When Rawlins joined Wiese twenty minutes after tea Sussex were 110 for 7 and 284 runs in arrears. Gradually the 21-year-old adjusted to his task and began to hit the ball with more assurance. His second four, an on-drive off Ben Raine, was as sweet as anything we saw. Two balls later he stroked Raine easily for six in the same direction and followed that in the next over with a straight drive off James Weighell. Rawlins was beginning to enjoy himself and Wiese, too, batted with greater certainty, sweeping Liam Trevaskis for six and reaching his own fifty before falling leg before when attempting a reverse sweep. Aaron Thomason became Carse's fourth victim a couple of overs later but by then Rawlins had reached his fifty off 88 balls with a huge six over long-on.
It was intriguing as Rawlins was applauded to recall Sussex's travails earlier in the day. The morning's cricket, for example was divided into two very unequal parts. In the first Cameron Bancroft and Ned Eckersley extended their overnight partnership to 282, a sixth-wicket record for Durham in first-class cricket; in the second Durham lost their last five wickets for 12 runs in 32 balls, three of the wickets falling to the left-arm spin of Rawlins, a bowler who had never previously taken more than one wicket in a first-team game.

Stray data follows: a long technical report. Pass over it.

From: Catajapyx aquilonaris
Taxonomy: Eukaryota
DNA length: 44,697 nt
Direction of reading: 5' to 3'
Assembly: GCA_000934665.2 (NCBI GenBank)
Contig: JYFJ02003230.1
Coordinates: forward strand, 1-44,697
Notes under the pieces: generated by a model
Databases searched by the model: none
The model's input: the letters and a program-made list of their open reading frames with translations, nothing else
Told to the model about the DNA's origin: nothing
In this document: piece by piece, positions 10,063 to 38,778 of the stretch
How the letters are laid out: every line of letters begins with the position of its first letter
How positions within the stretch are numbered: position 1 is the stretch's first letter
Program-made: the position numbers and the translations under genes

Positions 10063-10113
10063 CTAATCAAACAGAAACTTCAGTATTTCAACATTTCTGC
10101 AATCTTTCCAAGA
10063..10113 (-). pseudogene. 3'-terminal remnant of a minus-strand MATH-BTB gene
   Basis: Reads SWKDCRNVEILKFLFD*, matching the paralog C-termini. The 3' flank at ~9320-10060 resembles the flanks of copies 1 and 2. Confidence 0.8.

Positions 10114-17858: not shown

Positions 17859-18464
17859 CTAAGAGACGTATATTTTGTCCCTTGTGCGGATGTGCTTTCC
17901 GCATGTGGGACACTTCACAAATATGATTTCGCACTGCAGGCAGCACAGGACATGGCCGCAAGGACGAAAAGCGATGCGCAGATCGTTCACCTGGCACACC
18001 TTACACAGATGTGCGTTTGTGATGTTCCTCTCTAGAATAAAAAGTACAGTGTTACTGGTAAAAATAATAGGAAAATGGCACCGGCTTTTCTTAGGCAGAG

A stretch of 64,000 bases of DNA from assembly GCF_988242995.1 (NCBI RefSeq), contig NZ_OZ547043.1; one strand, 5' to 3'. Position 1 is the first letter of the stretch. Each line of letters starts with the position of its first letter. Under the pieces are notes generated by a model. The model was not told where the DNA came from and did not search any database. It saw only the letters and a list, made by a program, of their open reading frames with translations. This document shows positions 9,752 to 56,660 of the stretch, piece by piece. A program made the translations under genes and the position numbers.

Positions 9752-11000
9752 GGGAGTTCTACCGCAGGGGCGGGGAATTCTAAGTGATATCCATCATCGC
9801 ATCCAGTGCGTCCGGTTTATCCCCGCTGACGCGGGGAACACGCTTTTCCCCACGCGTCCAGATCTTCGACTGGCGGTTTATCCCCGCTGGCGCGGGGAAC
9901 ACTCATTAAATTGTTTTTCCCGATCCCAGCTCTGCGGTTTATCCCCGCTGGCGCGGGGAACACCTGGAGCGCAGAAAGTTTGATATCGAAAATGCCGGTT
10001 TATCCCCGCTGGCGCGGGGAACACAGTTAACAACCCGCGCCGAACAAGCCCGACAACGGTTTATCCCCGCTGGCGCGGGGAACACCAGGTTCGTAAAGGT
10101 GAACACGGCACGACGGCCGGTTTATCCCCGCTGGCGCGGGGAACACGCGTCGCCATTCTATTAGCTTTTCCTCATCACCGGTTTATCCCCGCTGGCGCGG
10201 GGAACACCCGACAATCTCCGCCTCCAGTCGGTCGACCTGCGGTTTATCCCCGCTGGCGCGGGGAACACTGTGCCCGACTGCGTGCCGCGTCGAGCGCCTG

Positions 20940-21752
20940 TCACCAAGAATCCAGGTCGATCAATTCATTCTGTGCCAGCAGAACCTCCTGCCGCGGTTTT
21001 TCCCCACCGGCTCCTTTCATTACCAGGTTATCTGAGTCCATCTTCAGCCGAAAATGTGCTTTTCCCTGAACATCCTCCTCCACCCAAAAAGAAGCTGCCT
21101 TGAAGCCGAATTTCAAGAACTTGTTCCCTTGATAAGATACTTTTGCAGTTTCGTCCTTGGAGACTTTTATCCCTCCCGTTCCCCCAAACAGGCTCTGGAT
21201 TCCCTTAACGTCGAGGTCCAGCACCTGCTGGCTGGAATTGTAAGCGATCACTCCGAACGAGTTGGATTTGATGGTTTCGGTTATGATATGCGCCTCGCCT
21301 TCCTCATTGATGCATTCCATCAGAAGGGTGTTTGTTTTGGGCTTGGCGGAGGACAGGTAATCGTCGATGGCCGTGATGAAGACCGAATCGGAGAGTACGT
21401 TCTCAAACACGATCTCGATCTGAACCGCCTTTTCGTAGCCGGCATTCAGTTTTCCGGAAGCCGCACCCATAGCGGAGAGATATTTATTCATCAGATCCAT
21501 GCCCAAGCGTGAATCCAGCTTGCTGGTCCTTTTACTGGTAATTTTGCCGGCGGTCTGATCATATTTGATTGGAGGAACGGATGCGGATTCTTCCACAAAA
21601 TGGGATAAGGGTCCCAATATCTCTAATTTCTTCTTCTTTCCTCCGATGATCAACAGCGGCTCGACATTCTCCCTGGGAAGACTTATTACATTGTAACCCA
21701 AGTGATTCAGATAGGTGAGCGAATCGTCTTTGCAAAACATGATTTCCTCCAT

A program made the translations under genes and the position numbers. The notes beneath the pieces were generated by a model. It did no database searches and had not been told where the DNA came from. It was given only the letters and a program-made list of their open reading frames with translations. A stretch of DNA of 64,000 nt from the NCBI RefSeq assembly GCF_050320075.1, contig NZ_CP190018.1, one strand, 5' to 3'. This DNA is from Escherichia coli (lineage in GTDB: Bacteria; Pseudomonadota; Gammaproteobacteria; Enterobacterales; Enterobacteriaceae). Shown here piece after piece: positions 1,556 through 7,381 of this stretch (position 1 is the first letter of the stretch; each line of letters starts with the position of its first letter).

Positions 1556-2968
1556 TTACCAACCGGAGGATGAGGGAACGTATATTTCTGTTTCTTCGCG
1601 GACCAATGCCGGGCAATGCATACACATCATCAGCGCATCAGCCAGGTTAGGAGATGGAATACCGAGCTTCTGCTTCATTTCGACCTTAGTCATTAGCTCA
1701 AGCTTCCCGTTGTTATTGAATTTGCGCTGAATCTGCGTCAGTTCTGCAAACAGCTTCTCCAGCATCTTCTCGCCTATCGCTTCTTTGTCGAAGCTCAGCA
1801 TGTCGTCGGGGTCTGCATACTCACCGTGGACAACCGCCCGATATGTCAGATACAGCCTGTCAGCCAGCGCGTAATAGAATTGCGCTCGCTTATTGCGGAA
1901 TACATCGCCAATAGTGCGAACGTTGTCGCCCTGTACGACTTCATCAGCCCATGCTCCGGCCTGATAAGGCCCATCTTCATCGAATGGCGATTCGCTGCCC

Bancroft and Eckersley batted competently but needed to do little more. Thomason seemed to require more evidence Bancroft can play the pull shot; the evidence was duly provided and the ball smacked into the advertising hoarding. The session continued in similar fashion for nearly two hours. The collapse began when Eckersley, having registered his maiden century for Durham, drove too early at a ball from Luke Wells and was caught and bowled for 118. Two balls later Bancroft was lbw for 158 when sweeping a full toss from Rawlins. One wonders why long partnerships are so often the prelude to both partners getting out in quick succession. Is it a form of trivial bereavement, the second batsman being unable to carry on without his long-time colleague? Simple destabilisation is probably a better explanation. Either way, it never seemed to unsettle Bradman.